Today’s Thoughts of the Day discusses Rajon Rondo’s season-ending torn ACL, the Lakers’ big win against the Thunder and comments on the safety of the NFL by President Obama and Bernard Pollard. Let’s do it!
Sunday afternoon, the Boston Celtics got a shock when All-Star Point Guard Rajon Rondo was diagnosed with a torn ACL, out for the rest of the season. As a fan of the game of basketball, this hurts to see. After all, Rondo had finally got the All-Star start he finally deserved, and to me he is the most exciting player in the NBA. The Celtics will obviously be hurt by this, since they were a sub-.500 team even with him in the lineup. But does that mean the Celtics have no chance to make the playoffs? Not necessarily. My initial reaction was that the season was over for Boston, but they still have a chance. Remember, since the 2007-2008 season, the Celtics are 21-13 without Rajon Rondo over last 4 seasons (.618 win pct). With Rondo, they have a .604 win percentage. Obviously that stat is sort of misleading since it’s a much bigger sample size with him playing, but that says something. I honestly think Paul Pierce plays better without Rondo, and the Celtics turn the ball over much less (although they don’t get the high-risk/high-reward star in there). Boston’s options are simple now: go for a title run without Rondo by bringing in veterans via free agency without making any major acquisitions, trade young Sullinger for a quality player like Tyreke Evans, or blow it all up by trading Paul Pierce and/or Kevin Garnett for draft picks and a young star. Out of these options, I would still go with option one by not blowing anything up just yet. Option two is flawed because of Jared Sullinger’s future value to this team, likely letting a young star go without a championship to show for it. Option three would not be the way to go because the worst-case scenario is just ready to explode with this one. You let your Captain go and he doesn’t end his career as a Celtic. Instead he ends his career in Los Angeles, winning a championship with Kobe Bryant. KG continues his All-Star play and wins another title as well, and suddenly it’s the Roger Clemens situation in Boston once again where letting him go only rejuvenated him. You push through this year, get Rondo back by January next year, and see where it takes you. One thing’s for sure though: the Celtics will not be the same without number nine pushing point.
The Lakers won a big one Sunday over the Thunder, 105-96. This was LA’s biggest win of the year without a doubt, and some are saying this is a sign of things to come for the Lake Show. Well, it sure could be. The box score was a thing of beauty: Steve Nash with 17, Paul Gasol with 16, Metta World Peace with 15, Antawn Jamison with 12, Earl Clark with 11, and Kobe Bryant with 21 points and 14 assists. The ball movement was what won LA the ballgame. Anytime six players get into double-figures you know you have a solid chance of winning the game no matter who the opponent is. And if Kobe keeps the balance going of keeping everyone involved and interested as well as hitting clutch shots in the last two minutes, this is as much of a playoff team as any of the West’s non-elite contenders. To me this team goes how Metta goes honestly. He’s had a quiet 2013 (which is sort of a good thing discipline-wise) and maybe Sunday’s game was the game that woke him up. I’m not saying the Lakers will automatically be playoff-bound off of one game, but I have a much more positive outlook on this team than I did a few days ago.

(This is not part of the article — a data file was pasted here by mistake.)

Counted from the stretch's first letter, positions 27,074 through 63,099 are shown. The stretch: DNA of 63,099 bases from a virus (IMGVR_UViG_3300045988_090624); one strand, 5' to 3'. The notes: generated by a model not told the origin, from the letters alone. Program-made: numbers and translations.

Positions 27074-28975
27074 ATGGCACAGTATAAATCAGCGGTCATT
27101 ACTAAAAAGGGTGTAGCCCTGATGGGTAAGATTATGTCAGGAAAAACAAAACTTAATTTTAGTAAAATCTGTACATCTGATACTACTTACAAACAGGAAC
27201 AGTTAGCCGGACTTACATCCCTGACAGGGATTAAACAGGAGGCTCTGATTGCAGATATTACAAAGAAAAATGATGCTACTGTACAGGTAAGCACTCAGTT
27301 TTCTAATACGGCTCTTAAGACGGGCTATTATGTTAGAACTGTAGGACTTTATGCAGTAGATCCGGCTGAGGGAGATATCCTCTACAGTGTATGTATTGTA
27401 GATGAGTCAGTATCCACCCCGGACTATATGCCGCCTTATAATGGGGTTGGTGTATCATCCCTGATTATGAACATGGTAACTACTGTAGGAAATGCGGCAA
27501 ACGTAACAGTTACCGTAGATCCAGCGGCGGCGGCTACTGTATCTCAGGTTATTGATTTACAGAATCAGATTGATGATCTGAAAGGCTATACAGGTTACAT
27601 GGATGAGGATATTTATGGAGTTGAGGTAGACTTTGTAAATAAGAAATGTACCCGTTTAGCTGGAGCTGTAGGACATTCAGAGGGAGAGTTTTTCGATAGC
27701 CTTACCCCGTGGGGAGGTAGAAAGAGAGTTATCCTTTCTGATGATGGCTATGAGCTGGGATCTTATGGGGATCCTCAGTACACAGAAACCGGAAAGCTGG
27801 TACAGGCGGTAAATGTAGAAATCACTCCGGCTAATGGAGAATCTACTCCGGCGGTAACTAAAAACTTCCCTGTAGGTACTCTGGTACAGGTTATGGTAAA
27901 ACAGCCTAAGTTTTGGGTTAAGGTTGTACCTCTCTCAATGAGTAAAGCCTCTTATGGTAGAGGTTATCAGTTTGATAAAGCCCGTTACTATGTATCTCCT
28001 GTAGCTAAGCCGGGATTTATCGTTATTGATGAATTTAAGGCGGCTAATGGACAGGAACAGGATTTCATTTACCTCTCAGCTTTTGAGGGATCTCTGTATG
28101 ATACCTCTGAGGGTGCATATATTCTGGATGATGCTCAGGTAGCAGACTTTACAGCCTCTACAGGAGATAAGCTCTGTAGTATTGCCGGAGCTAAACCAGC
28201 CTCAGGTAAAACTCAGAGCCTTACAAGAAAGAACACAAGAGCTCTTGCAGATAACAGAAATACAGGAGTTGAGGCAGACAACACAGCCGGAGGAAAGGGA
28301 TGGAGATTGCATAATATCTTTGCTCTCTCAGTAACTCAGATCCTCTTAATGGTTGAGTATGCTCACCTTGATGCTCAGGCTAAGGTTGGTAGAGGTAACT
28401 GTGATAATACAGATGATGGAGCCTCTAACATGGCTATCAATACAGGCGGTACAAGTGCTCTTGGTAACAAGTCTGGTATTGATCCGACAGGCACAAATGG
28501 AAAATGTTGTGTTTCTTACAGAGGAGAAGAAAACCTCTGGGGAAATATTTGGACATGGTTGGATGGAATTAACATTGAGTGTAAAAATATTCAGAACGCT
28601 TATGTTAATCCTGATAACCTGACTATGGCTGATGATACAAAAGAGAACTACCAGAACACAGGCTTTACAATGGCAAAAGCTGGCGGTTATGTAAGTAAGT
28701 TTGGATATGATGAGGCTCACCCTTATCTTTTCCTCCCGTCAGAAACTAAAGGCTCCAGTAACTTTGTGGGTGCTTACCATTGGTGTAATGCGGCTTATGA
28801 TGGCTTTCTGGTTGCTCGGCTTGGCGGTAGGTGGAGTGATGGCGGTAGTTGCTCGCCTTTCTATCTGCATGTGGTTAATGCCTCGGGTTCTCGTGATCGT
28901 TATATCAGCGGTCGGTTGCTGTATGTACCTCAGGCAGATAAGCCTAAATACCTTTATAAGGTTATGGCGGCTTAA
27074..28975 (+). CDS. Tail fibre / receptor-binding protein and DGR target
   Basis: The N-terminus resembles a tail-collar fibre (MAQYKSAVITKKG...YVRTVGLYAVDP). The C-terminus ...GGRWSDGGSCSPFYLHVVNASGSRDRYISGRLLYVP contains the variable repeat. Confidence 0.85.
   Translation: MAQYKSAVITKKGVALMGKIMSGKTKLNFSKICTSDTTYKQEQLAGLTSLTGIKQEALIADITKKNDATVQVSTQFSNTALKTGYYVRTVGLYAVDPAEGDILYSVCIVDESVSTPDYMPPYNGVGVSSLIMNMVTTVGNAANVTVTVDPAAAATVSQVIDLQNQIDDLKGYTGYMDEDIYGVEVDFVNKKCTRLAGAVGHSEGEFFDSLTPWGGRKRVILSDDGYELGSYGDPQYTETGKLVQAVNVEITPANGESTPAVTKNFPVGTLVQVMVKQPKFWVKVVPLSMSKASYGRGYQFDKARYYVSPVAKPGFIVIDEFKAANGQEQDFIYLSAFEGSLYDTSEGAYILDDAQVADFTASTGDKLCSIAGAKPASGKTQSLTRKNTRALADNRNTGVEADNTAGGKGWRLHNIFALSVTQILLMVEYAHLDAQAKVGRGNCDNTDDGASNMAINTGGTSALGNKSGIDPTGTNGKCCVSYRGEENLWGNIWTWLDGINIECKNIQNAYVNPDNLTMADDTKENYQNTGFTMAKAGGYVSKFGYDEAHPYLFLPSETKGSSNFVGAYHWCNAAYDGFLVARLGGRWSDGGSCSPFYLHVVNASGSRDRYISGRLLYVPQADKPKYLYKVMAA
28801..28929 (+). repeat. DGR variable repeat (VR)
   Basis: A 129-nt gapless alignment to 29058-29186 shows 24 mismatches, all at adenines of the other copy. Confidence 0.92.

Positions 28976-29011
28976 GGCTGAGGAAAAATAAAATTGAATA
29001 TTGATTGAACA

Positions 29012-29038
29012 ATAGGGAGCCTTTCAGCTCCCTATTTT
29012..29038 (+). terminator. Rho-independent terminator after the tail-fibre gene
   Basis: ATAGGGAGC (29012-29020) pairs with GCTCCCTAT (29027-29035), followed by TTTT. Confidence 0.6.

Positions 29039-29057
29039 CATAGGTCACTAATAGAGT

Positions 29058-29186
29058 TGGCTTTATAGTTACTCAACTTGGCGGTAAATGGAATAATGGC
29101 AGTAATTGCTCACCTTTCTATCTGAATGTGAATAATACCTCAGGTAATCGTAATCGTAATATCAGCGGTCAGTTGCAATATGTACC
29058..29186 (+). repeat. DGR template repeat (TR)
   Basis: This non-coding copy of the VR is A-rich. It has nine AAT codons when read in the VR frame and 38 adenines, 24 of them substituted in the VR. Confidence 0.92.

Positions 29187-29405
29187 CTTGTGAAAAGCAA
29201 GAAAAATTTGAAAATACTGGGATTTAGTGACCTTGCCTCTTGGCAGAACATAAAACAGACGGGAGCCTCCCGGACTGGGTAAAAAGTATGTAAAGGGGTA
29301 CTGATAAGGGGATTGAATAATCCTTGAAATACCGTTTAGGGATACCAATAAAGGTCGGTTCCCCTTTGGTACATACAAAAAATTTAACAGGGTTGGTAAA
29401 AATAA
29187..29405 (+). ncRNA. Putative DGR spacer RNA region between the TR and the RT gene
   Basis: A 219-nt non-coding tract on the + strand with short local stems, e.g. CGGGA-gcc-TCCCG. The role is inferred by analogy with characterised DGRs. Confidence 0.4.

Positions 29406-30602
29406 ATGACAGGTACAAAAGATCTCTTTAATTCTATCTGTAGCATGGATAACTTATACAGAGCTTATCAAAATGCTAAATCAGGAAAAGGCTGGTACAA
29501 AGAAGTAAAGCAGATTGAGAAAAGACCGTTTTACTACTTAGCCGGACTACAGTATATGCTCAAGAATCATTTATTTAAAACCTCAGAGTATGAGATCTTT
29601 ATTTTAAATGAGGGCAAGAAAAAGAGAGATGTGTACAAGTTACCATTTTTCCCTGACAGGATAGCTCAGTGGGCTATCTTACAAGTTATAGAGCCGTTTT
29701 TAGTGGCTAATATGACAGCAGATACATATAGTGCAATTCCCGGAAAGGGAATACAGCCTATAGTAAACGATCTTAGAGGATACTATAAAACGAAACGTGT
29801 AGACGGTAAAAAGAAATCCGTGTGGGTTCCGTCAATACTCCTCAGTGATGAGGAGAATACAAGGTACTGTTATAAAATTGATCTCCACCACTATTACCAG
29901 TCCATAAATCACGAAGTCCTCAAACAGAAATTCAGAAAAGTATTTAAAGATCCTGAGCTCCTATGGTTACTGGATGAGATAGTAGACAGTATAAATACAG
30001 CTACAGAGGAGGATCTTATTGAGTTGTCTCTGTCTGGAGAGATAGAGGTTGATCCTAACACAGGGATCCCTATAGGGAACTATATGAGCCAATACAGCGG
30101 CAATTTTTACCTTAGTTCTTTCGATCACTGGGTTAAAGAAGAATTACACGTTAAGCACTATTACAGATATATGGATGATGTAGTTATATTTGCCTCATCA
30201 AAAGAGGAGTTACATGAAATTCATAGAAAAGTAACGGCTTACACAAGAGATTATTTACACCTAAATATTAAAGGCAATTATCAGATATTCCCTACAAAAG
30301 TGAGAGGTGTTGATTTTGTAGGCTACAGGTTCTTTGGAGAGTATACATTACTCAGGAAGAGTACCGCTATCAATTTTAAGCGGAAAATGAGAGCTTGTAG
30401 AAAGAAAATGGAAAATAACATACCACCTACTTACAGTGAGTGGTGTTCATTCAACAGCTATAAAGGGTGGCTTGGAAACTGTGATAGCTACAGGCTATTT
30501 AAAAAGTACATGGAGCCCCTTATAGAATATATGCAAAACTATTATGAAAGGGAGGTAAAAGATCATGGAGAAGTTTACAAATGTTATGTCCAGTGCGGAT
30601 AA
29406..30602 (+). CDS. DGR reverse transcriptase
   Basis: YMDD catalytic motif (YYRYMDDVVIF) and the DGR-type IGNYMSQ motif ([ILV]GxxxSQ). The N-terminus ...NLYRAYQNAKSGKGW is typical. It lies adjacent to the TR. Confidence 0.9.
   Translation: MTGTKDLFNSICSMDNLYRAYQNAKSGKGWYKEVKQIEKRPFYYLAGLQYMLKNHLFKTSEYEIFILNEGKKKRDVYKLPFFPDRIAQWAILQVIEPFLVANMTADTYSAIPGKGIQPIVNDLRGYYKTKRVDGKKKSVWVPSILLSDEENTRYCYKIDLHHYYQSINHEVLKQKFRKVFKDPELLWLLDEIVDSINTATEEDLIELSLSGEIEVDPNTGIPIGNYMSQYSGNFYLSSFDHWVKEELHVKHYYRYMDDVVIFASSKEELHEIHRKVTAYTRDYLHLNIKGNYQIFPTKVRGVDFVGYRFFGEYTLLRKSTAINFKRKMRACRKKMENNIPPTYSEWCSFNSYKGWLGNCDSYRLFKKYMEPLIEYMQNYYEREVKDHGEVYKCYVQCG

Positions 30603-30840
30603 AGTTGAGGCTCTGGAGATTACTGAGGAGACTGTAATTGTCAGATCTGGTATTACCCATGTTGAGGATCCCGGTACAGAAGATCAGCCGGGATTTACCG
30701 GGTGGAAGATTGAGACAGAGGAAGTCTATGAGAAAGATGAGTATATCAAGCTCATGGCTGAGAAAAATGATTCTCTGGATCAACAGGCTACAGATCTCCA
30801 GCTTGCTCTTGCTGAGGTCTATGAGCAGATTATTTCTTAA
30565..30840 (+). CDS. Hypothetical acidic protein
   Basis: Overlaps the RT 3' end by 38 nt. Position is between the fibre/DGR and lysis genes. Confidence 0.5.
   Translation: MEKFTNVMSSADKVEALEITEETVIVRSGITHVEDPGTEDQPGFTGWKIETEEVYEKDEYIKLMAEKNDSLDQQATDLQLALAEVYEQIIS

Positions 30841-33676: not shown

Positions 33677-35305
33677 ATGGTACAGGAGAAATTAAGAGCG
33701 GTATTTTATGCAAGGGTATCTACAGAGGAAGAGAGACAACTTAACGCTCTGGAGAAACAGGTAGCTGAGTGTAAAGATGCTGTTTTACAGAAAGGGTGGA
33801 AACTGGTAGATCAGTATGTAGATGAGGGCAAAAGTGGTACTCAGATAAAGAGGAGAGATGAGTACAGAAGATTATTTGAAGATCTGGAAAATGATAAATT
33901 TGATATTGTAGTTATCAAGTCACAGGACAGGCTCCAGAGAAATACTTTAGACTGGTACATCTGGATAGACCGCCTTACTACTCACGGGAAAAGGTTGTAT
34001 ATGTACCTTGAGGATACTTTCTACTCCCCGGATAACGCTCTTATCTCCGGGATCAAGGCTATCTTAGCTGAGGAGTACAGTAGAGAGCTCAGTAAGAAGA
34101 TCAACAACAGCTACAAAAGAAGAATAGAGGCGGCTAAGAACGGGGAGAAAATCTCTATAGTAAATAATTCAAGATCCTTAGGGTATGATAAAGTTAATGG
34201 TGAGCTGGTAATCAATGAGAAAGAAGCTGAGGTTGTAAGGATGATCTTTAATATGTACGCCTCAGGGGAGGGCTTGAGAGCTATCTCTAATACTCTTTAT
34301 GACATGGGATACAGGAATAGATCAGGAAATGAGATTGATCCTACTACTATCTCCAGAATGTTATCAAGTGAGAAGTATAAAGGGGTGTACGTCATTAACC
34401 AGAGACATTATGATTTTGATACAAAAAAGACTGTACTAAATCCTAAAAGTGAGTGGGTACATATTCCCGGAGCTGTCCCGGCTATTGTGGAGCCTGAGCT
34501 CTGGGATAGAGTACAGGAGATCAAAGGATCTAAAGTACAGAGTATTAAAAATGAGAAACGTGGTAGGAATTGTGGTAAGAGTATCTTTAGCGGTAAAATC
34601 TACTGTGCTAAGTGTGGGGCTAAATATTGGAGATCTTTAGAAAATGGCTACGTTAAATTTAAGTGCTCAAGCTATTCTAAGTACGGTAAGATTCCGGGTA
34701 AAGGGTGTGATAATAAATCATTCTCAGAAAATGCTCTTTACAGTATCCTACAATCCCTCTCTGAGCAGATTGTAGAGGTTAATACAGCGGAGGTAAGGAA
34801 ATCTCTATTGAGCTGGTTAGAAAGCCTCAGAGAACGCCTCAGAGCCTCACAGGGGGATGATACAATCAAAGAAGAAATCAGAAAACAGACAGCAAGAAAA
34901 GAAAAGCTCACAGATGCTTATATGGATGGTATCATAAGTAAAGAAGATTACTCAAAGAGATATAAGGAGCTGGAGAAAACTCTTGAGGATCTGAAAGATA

Player safety in the NFL is obviously a huge issue, and President Obama has offered his opinions on the dangers of the game. ”I’m a big football fan, but I have to tell you if I had a son, I’d have to think long and hard before I let him play football,” he said in an interview with the New Republic. ”And I think that those of us who love the sport are going to have to wrestle with the fact that it will probably change gradually to try to reduce some of the violence. In some cases, that may make it a little bit less exciting, but it will be a whole lot better for the players, and those of us who are fans maybe won’t have to examine our consciences quite as much.” Ravens defensive back Bernard Pollard told CBSSports.com that he doesn’t believe the league will be in existence in 30 years because of rules changes instituted in an effort to make the game safer, and the “chance a player might die on the field as players continue to get stronger and faster.” First off, President Obama’s comments were very striking to me. The president is probably the most passionate sports fan to ever take the Oath of Office, and to say he would have to think long and hard before he let his hypothetical son play football really speaks for a lot of parents across the United States. And as for Pollard’s comments, his concern that a player might die on the field one day is frightening considering he is one of the hardest-hitting players in the league, has seriously injured a few players in his career, and is about to play the biggest game of his life in less than a week. Do I think the NFL will be gone in 30 years? Absolutely not. Will its popularity be down a little bit because of flags and injuries slowing down the game? Possibly. But people will always watch no matter what. Think about it, the Pro Bowl had a better rating than any All-Star Game, and it’s completely irrelevant. When people see NFL, they don’t even think for themselves; they just click the remote and start watching. Would I let my son (if I had one) play football? Probably, but I would consider the risks before doing so.
Agree? Disagree? Drop a comment or follow me on Twitter @chuckiemaggio